Not that the signs haven’t been building, if less noticed than they should have been. Most stunningly, it was Bush himself who approved the five-day visit to the United States by former Iranian President Khatami earlier this month. In an interview in the Wall Street Journal last week, Bush said:

    I was interested to hear what he had to say. I’m interested in learning more about the Iranian government, how they think, what people think within the government.

    Meanwhile neoconservatives in and out of government here fulminated against Khatami’s visit and denounced the administration for letting him into the country at all. The next day, Condi Rice suggested that even a temporary halt by Iran to its nuclear efforts would be enough to restart talks with Iran. Not permanent—temporary, mind you.

    Bush’s nice-nice on Iran, and Condi’s willingness to bend over backwards to reopen the talks with Iran came after the most recent deadline of August 31. This was the supposed drop-dead date for Iran to capitulate to the U.S.-inspired Security Council resolution calling for a halt to uranium enrichment. Iran did not comply. The Bush administration’s conciliatory moves also came as leader after world leader—from Kofi Annan (“I do not believe sanctions are the solution to everything”) to Sergei Lavrov (Russia “unambiguously prefers the path of negotiations for the resolution of the Iranian problem”) to Jacques Chirac (“I am never in favor of sanctions”)—continued to box in the United States diplomatically.

    It’s clear that the Europeans, led by France’s Chirac, are designing a carefully constructed diplomatic dance to entice both Iran and the United States back into a prolonged period of negotiations, giving both countries face-saving ways to do so. Whether the two religiously inspired fundamentalists who preside in Washington and Tehran will seize the opportunity isn’t a slam dunk, but it’s looking increasingly like the neocons aren’t going to get the war against Iran that they want.

    Four years ago, of course, precisely the same diplomatic phalanx opposed Bush as he threatened Iraq. There are, I’ve written, many parallels: the Bush administration accusing Iran of harboring al-Qaida and building WMD, neoconservative analysts warning that time is running out, Pentagon task forces making contingency plans for war and so on. Back then, too, Bush smilingly promised to go to the United Nations to seek support for the crusade against Baghdad, only to launch a unilateral war of aggression on his own months later, after dismissing the United Nations as feckless and cowardly. Then, however, Bush had an army to invade Iraq. This time, that army is bogged down in Iraq, stretched to the breaking point, and the international community is both older and wiser. And the neoconservatives have been taken down a peg or two.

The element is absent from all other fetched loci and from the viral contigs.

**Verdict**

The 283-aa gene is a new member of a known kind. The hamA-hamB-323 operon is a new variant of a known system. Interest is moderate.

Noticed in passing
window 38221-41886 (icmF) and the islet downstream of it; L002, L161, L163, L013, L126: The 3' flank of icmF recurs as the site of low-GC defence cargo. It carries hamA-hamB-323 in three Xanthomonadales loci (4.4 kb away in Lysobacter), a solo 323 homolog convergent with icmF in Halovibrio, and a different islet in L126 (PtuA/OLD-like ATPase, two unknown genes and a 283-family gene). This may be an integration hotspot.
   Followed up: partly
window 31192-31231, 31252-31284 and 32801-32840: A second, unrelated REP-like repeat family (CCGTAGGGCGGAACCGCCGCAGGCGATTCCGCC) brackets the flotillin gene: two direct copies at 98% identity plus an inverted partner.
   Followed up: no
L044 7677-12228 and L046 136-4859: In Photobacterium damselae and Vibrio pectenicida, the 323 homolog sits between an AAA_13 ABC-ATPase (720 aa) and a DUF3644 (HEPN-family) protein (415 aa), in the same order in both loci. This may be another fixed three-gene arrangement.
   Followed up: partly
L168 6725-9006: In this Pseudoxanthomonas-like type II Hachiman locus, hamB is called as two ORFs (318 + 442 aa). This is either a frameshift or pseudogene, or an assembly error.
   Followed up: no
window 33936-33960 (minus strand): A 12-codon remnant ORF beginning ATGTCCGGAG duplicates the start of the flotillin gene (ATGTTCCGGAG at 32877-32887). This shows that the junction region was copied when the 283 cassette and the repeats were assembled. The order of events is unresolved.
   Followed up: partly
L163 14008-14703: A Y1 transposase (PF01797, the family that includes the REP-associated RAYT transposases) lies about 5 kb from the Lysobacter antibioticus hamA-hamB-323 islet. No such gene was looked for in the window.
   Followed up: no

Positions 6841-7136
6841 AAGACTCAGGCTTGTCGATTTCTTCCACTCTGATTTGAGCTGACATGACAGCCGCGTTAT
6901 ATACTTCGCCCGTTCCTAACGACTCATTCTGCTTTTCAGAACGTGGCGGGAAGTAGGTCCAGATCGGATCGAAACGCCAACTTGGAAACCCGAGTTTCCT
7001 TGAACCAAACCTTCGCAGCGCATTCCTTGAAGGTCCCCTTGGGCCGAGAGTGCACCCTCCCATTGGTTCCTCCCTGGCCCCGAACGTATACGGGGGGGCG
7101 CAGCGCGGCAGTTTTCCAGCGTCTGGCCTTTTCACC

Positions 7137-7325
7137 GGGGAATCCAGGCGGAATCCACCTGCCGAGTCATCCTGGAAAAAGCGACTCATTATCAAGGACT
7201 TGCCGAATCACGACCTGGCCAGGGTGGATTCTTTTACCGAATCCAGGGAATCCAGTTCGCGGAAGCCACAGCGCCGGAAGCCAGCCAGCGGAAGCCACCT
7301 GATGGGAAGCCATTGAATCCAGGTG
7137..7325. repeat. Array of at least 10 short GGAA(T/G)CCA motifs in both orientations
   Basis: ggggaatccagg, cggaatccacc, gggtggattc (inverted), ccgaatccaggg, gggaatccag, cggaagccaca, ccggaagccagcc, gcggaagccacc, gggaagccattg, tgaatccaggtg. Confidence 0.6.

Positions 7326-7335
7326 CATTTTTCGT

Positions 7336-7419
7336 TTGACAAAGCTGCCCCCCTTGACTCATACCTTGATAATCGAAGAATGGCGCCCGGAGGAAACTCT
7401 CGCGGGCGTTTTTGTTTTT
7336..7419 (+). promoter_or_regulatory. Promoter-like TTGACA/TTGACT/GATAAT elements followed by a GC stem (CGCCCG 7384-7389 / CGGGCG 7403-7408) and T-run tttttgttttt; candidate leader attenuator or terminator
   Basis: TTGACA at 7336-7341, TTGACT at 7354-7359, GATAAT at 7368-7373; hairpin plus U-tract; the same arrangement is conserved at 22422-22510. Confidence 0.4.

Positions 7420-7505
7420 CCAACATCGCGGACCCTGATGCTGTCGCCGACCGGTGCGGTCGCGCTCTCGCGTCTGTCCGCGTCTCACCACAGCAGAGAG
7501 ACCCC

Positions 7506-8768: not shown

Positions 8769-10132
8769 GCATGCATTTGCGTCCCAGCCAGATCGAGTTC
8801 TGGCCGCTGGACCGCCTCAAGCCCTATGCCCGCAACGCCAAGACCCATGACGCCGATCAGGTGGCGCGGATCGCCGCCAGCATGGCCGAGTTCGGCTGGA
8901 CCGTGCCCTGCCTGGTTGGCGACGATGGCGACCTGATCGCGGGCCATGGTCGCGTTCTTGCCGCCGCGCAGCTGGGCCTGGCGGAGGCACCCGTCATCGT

So, even as the president’s speechwriters were working on his U.N. address, Iran’s president was meeting with Iraq’s prime minister in Tehran, and Iran’s interior minister was meeting with his counterparts from all of Iraq’s neighbors to discuss a plan to prevent the Iraqi civil war from spilling out of Iraq into the region. Even James Baker, the Bush family’s consigliere who heads a realist-minded task force called the Iraq Study Group, told a Washington news conference on Tuesday that he would meet a top Iranian official soon to discuss U.S. policy in Iraq and the region.

    Suddenly, stabilizing Iraq—and minimizing the political fallout from Iraq at home—may be more important to the Bush administration than sparking yet another conflagration in the region.

    We can only hope. True, we could wake up any fall morning to the news that American planes are conducting bombing raids on Iran’s dozens of nuclear facilities—raids that would be likely to expand to countless other Iranian military targets, from airports and missile installations to ports, military bases, government offices and beyond. Or, we could awake to hear that Israel, on a more limited scale, has initiated attacks of its own on Iran. But more and more, it’s starting to look like the realists have won this fight.

    ReplyDelete
  93. Gee I've been out all day and missed some good posts.

    Hey Marcus. Its good to see you. I hope you're doing well.

    Fascinating stories. Keep posting them. If you need anything, if its something we can do we'll do it. Just let us know.